NEW YORK NURSE: June 2011
Q.: I am an RN working in an outpatient Medical-Oncology clinic. Often while working in the chemotherapy administration room, the physician tries to give verbal orders to adjust the chemotherapy dose, change administration times, add or delete pre-medications, etc. Are nurses allowed to take verbal orders for any aspect of the administration of chemotherapy?
A.: In 2008, the American Society of Clinical Oncology (ASCO) and the Oncology Nursing Society (ONS) initiated a collaborative project to develop standards for safe chemotherapy administration to adult cancer patients in the outpatient setting.
Suggestions regarding how to improve safety, reduce the risk of errors, and provide a framework for best practices were given. The plan was to increase the quality of chemotherapy administration through standardized approaches, the development of policies and procedures for system improvement, and the review of errors by an interdisciplinary, professional staff.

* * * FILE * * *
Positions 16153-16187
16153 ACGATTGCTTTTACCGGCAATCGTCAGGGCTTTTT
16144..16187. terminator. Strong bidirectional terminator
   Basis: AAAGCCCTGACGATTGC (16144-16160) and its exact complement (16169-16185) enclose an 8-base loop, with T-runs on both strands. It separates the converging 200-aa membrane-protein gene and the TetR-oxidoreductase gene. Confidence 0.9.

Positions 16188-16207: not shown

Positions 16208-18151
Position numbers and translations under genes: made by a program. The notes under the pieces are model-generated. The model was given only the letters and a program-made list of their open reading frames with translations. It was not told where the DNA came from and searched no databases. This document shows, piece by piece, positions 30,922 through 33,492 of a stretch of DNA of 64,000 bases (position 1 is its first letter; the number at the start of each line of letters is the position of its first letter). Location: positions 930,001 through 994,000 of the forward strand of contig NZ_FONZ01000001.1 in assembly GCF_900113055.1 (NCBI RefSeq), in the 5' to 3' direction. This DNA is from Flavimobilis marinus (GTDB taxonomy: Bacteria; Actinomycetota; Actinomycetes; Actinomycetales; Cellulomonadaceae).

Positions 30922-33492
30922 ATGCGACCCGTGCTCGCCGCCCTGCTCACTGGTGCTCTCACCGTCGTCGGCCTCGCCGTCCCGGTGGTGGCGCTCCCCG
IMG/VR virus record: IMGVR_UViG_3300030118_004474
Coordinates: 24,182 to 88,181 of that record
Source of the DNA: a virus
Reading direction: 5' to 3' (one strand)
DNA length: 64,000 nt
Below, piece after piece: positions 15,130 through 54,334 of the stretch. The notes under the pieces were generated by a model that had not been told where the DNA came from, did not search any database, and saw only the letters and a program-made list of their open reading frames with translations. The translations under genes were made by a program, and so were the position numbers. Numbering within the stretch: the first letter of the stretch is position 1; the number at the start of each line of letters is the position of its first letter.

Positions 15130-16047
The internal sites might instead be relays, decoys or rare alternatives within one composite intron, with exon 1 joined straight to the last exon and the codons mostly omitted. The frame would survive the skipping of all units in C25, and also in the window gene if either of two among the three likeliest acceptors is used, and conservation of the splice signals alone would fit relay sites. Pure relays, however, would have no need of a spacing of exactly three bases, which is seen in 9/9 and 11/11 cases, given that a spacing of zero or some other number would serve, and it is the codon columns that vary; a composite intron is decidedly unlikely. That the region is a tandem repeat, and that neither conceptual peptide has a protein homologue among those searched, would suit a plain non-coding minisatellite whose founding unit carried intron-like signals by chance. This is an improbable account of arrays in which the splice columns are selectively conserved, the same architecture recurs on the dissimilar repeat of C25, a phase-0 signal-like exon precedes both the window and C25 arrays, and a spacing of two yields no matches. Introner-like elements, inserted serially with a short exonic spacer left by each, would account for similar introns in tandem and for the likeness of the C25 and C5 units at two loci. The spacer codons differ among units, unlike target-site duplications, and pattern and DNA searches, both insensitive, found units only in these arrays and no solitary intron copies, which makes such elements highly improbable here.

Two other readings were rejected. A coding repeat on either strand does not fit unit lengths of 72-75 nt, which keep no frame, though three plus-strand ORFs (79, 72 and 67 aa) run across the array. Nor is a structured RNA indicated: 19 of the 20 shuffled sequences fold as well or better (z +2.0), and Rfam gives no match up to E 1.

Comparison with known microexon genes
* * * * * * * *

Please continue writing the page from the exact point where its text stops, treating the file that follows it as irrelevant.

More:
This collaborative group recommended that all chemotherapy orders must be in writing. A standardized, regimen-level, preprinted or electronic format should be used for all chemotherapy prescription writing for both oral and parenteral orders. It was suggested that faxed or e-mailed orders be considered written orders and that new orders or changes to existing orders must also be made in writing. Verbal orders are not allowed except when conditions require that the chemotherapy be either placed on hold or stopped.
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